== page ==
Friday, June 09, 2006

Blogging and Professional Responsibility

One of the "guest diarists" at the Daily Kos quit in a huff yesterday after he claimed to have had his secret identity "outed" by National Review in a typical Right Wing Conspiracy plot. Of course, his identity wasn't that secret, and his real reason for quitting might have more to do with the Kossack Crowd being unimpressed with his ties to something that rhymes with "Bal*Mart":

Apparently, [Daily]Kos diarist Armando Lloréns-Sar isn't comfortable with too many people knowing about his day job as an attorney at McConnell Valdés (it's clearly the same guy):
...Lloréns-Sar might be uncomfortable with too many people knowing about his professional activities (he threatened to ban one commenter for getting too close to his "personal circumstances"):

During his time filling in for Kos as the "front page diarist" he wrote a number of pro-corporate articles, of course without disclosing that he is a corporate attorney promoting these same issues for his clients. For example, in this post he takes the pro-corporate position that modern anti-trust law is based on activist judges' rulings and not as the law as written. He fails to mention that he recently represented Wal-Mart in an anti-trust capacity in Puerto Rico.

H/T WuzzaDem, whose emphases those are.

As much fun as it is to gloat at the silliness of the Kos types, the story really made me think in broader terms of what's acceptable for an attorney who, say, might want to blog about legal issues. What obligations do you have to your clients? To your firm? What duties of disclosure do you have towards your blogging audience? What does the crusty old judge at the ethics board of inquiry who's never heard of a blog think? Does it matter that you do it on your own time? Or anonymously?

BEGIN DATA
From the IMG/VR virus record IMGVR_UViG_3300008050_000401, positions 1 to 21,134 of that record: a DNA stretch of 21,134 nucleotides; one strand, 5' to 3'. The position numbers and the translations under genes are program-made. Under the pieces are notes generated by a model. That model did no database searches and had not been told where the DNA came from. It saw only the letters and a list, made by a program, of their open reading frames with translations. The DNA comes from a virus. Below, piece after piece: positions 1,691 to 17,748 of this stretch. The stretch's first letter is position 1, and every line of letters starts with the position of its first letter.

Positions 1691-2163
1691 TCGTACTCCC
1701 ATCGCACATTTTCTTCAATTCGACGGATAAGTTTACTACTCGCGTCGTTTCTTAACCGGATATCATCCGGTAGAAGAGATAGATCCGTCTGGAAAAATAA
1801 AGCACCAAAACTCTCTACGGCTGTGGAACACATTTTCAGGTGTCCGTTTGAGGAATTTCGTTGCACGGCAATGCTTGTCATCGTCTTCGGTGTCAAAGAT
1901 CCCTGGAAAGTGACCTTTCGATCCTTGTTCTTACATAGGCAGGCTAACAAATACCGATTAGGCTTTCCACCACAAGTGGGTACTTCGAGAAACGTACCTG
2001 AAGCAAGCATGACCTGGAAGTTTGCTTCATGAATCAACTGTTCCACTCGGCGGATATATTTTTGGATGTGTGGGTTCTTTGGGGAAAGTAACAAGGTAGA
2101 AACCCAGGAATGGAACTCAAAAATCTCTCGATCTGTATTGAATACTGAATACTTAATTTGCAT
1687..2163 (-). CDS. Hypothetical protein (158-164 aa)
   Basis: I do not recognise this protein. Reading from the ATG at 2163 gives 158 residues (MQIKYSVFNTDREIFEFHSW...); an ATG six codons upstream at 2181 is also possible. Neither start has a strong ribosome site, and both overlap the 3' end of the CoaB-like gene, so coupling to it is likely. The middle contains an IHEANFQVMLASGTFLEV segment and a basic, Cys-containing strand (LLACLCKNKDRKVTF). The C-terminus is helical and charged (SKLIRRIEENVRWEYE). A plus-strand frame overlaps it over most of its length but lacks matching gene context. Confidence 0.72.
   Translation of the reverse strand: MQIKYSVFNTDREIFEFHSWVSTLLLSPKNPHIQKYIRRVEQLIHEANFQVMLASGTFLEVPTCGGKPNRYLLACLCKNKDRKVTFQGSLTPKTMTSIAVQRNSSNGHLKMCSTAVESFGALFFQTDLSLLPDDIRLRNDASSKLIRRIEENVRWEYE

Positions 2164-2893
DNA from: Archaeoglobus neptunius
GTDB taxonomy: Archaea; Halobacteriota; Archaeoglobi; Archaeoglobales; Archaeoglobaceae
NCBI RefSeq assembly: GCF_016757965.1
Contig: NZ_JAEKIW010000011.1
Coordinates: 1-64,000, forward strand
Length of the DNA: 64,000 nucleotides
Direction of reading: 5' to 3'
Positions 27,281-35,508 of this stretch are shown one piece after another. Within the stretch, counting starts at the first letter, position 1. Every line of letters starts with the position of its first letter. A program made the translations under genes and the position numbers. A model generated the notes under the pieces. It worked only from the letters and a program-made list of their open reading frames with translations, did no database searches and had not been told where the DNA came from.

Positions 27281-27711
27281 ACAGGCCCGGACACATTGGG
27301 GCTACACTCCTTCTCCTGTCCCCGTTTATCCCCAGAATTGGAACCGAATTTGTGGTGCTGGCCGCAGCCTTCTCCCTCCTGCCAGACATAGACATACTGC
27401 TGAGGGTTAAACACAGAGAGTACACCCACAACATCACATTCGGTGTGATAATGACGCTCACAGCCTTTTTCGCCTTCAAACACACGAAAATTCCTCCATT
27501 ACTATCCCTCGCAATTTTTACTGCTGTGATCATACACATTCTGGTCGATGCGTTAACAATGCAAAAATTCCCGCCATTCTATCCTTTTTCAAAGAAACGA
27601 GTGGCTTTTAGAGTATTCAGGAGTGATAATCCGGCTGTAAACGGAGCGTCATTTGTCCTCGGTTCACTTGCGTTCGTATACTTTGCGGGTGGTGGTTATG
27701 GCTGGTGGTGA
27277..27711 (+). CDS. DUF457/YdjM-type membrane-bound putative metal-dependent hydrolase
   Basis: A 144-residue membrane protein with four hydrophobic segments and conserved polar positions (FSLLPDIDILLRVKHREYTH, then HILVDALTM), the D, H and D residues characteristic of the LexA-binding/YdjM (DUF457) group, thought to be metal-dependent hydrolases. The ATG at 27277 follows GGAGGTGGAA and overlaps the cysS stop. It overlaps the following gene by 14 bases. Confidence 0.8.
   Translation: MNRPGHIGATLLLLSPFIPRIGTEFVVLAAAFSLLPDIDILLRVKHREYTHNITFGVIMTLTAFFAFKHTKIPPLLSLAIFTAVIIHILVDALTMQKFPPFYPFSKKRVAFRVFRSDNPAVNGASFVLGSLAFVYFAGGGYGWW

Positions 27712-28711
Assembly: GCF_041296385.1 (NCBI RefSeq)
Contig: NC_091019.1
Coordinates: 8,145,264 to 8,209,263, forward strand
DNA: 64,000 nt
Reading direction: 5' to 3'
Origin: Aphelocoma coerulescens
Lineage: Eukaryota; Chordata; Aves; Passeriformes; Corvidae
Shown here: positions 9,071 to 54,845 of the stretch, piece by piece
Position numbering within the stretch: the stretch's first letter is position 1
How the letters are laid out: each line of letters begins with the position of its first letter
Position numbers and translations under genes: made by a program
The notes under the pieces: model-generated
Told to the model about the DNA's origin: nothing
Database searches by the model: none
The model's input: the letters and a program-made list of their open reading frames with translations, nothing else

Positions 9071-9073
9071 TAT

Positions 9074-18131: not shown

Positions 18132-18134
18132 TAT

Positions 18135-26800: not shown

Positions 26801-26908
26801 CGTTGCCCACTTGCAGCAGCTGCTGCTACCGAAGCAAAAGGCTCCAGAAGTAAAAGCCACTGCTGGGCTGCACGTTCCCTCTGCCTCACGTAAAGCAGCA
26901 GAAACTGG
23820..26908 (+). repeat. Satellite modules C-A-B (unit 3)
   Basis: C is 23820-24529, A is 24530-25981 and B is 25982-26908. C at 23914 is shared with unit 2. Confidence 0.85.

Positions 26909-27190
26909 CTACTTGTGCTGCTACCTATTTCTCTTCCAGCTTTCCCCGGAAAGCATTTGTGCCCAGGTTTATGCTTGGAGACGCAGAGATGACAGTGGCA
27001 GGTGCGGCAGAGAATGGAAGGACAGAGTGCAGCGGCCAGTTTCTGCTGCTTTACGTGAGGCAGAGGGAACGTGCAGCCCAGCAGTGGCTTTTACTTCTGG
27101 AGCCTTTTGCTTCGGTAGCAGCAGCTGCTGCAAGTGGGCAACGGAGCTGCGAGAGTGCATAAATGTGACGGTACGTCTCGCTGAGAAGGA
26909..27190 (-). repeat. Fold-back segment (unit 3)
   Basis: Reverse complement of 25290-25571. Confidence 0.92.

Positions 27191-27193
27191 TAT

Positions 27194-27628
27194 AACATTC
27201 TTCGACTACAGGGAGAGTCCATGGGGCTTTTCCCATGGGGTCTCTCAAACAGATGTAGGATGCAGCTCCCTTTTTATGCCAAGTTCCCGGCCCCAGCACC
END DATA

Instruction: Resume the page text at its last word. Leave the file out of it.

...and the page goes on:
I did some research earlier this year on "Doocing," the firing of an employee for un-careful blogging. It's amazing how easy it is for someone to find your real identity, either by doing a little digging, or by simply getting a subpoena for the ISP. A corporate client who happens to run across something unflattering on a hugely popular website (or unpopular, but still public) would seem to me to be a danger, and something to think about.

But what if it's just a more general legal issue, one that you were inspired to muse about because a case you were working on dealt with that issue? Is that allowed? Should it be? How general does the issue have to be? Does it impact your ability to represent your client? Can a client trust a blogging attorney not to tell their story on line with a, "for example, I had a client once..."? How much detail can you go into about your work day on a blog without violating the PR rules? Does a pseudonym protect you?

This is actually one of the reasons I post here under my real name - I don't want to lull myself into a false sense of anonymity. And it makes clear that what I write I have to answer for, which (usually and hopefully) makes me a little more cautious about what and how I write. That's not to say a nomme de plume doesn't have a time or place - the Federalist Papers weren't written by 1800 year old Romans, after all.

The Kossack writer was a fool, though. He was indiscreet, apparently bitterly acerbic and rude (even to his fellow travelers), used his real first name, and littered the internet with personal details that made him easy to find, including his E-mail address when he tried to edit some Wikipedia entries about the Daily Kos. I don't know the answers to all of this, but one things for certain - Armando is a great example of what a lawyer should NOT do on line.

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